Emerging Beauty

Emerging Beauty

Time Lapse Techniques Capture Miracles

by David FitzSimmons

My wife, Olivia, is a naturalist. In one of her educational programs, she teaches children about the life-cycle of monarch butterflies. To show their four stages of life, she begins by collecting eggs from milkweed plants. Olivia keeps leaves from these plants in our refrigerator, feeding the foliage to the gradually-developing caterpillars. The larvae pass through five “instars” over a period of about two weeks, after which the approximately 2” long caterpillars pupate, each forming a chrysalis. Inside the green case—actually the exoskeleton of the pupa—the incredible transformation into an adult butterfly occurs, a process that takes about two more weeks. We enjoy watching for chrysalises that turn from green to transparent, a sure sign that a butterfly is about to break free.

Many emerge while we are away, but one Sunday morning we were fortunate enough to notice a chrysalis that had become as clear as a window. The opportunity for a unique set of pictures arrived. Transferring the clear chrysalis to my studio, I arranged the following gear: a black backdrop, two monolights, and a macro lens attached to my Nikon D2x, both attached to my Gitzo tripod. I placed the pupa in front of a black muslin background and arranged two monolights on either side, one slightly above the other. I manually focused my 105mm f/2.8 macro lens, using f/22 for maximum depth of field, and set my white balance to flash.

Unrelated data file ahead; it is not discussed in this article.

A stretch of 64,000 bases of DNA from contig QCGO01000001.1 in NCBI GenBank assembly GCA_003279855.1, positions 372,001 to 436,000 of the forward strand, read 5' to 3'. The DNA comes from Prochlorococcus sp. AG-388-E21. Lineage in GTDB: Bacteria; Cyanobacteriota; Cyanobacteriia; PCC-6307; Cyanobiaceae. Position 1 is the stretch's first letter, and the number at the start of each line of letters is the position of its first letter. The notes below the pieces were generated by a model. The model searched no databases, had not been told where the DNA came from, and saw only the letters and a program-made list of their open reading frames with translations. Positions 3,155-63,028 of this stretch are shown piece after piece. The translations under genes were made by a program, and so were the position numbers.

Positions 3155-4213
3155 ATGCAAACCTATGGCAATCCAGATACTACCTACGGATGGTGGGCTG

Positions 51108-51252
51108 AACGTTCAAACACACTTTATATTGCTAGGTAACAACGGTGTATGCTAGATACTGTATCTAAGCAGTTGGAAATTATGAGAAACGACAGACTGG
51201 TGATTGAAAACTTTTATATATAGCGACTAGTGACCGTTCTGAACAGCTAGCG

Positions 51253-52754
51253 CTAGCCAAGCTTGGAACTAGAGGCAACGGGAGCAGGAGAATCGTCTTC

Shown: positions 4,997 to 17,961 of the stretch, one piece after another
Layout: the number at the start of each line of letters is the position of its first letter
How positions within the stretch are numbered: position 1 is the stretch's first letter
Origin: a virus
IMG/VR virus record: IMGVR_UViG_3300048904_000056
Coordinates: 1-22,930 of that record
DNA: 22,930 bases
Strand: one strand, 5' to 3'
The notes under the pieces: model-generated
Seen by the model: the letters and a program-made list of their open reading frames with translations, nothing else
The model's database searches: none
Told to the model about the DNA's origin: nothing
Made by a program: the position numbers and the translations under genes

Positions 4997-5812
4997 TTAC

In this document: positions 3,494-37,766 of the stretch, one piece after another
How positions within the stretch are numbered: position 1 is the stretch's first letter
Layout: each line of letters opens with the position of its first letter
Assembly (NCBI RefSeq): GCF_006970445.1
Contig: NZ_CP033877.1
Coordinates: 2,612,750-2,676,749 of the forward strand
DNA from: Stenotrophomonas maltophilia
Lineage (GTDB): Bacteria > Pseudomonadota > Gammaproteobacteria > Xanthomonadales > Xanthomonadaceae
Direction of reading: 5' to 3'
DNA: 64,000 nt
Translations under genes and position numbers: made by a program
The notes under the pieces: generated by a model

All Photos © 2010, David FitzSimmons, All Rights Reserved




One monolight was tied directly to the camera using a PC cord; the other was set to flash via its built-in slave tripper, which allows it to fire wirelessly whenever it “sees” a flash from another source. I programmed the intervalometer on the D2x to fire every 15 seconds, estimating that I could capture high-quality JPEGs for about 4 hours on my largest compact flash card. I hoped my timing was right.

Just over four hours and exactly 999 shots later, our preparation for this opportunity paid off: we were lucky enough to get these 10 images, taken over the span of two minutes and fifteen seconds and showing one of the most remarkable metamorphoses found in nature.







PatriciaWills's picture

Wow! The way you have explained about the life cycle of Monarch Butterflies really impressed me. I have seen the pupa of Monarch Butterfly at my home and observed it till it become the butterfly. I think that is the most beautiful scene I have ever seen.
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